A common style of address for presidents, "Mr. President," is borrowed from British Parliamentary tradition, in which the presiding Speaker of the House of Commons is referred to as "Mr. Speaker." Coincidentally, this usage resembles the older French custom of referring to the president of a ''parlement'' as "''Monsieur le Président''", a form of address that in modern France applies to both the President of the Republic and to chief judges. Similarly, the Speaker of the Canadian House of Commons is addressed by francophone parliamentarians as "''Monsieur/Madame Président(e)''". In Pierre Choderlos de Laclos's novel ''Les Liaisons Dangereuses'' of 1782, the character identified as ''Madame la Présidente de Tourvel'' ("Madam President of Tourvel") is the wife of a magistrate in a ''parlement''. The fictional name Tourvel refers not to the ''parlement'' in which the magistrate sits, but rather, in imitation of an aristocratic title, to his private estate.
Once the United States adopted the title of "President" for its republican Head of State, many other nations followed suit. Haiti became the first presidential republic in Latin America when Henri Christophe assumed the title in 1807. Almost all of the American nations that became independent from Spain in the early 1810s and 1820s chose a US-style president as their chief executive. The first European president was the President of the French Second Republic of 1848. (The First Republic had harkened back to the ancient Roman Republic by appointing several consuls at its head.) The first African President was the President of Liberia (1848), while the first Asian president was the President of the Republic of China (1912).
In the twentieth and twenty-first centuries, the powers of presidencies have varied from country to country. The spectrum of power has included presidents-for-life and hereditary presidencies to ceremonial heads of state.
Presidents in the countries with a democratic or representative form of government are usually elected for a specified period of time and in some cases may be re-elected by the same process by which they are appointed, i.e. in many nations, periodic popular elections. The powers vested in such presidents vary considerably. Some presidencies, such as that of Ireland, are largely ceremonial, whereas other systems vest the President with substantive powers such as the appointment and dismissal of prime ministers or cabinets, the power to declare war, and powers of veto on legislation. In many nations the President is also the Commander-in-Chief of the nation's armed forces, though once again this can range from a ceremonial role to one with considerable authority.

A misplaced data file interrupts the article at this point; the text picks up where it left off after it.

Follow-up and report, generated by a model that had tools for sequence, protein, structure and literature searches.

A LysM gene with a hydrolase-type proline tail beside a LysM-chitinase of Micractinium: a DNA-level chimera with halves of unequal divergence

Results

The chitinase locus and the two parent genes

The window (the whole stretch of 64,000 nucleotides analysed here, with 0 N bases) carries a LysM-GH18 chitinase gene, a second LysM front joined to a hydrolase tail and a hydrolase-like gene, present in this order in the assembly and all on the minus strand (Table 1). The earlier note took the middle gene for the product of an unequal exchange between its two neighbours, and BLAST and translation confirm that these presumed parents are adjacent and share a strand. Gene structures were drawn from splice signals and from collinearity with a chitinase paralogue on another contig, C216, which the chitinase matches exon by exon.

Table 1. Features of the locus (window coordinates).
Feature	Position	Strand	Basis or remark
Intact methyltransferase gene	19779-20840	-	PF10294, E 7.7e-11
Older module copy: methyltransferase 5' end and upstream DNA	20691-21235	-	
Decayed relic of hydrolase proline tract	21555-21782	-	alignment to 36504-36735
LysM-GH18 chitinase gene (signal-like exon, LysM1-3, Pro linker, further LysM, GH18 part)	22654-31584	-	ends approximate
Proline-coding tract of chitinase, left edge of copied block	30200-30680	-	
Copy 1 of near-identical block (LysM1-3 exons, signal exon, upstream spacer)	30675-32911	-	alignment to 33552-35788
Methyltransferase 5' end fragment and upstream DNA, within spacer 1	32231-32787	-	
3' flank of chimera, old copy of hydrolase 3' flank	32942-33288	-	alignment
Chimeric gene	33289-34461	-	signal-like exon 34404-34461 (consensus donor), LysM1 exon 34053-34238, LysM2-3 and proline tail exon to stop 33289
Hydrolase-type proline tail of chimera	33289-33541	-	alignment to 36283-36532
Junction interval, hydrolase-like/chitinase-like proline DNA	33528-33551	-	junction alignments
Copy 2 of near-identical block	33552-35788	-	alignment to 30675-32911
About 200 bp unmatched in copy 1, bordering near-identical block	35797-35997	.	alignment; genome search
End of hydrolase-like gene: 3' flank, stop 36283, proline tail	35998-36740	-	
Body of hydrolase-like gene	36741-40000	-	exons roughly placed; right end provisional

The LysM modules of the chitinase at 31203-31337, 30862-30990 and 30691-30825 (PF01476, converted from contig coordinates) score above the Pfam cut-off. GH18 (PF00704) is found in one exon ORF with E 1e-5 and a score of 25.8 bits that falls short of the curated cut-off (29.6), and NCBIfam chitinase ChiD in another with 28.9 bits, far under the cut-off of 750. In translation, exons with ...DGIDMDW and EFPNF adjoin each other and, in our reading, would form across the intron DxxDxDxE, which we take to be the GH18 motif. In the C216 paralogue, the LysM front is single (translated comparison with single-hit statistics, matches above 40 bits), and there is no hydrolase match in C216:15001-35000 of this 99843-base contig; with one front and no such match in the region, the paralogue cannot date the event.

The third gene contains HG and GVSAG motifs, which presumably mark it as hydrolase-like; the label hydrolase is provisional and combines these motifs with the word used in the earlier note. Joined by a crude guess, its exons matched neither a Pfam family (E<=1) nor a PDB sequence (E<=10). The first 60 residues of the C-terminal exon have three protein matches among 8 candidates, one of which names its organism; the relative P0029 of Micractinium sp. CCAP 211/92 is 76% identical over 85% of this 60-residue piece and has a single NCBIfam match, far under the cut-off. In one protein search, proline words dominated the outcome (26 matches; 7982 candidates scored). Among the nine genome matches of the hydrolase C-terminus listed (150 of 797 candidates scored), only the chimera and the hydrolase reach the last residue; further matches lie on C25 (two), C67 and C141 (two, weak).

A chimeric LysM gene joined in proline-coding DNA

In states with a presidential system of government, the president exercises the functions of head of state and head of government, i.e. She or he directs the executive branch of government.
Presidents in this system are either ''directly'' elected by popular vote or ''indirectly'' elected by an electoral college or some other democratically elected body.
In the United States, the President is ''indirectly'' elected by the Electoral College made up of electors chosen by voters in the presidential election. In most U.S. states, each elector is committed to voting for a specified candidate determined by the popular vote in each state, so that the people, in voting for each elector, are in effect voting for the candidate. However, for various reasons the numbers of electors in favour of each candidate are unlikely to be proportional to the popular vote. Thus in four close U.S. elections (1824, 1876, 1888, and 2000), the candidate with the most popular votes still lost the election.
In Mexico, the president is ''directly'' elected for a six-year term by popular vote. The candidate who wins the most votes is elected president even without an absolute majority. The president may never get another term. The 2006 Mexican elections had a fierce competition, the electoral results showed a minimal difference between the two most voted candidates and such difference was just about the 0.58% of the total vote. The Federal Electoral Tribunal declared an elected President after a controversial post-electoral process.
In Brazil, the president is ''directly'' elected for a four-year term by popular vote. A candidate has to have more than 50% of the valid votes. If no candidates achieve a majority of the votes, there is a runoff election between the two candidates with most votes. Again, a candidate needs a majority of the vote to be elected. In Brazil, a president cannot be elected to more than two consecutive terms, but there is no limit on the number of terms a president can serve.
Many South American, Central American, and African nations follow the presidential model.
抄文引用元・出典: フリー百科事典『 ウィキペディア（Wikipedia）』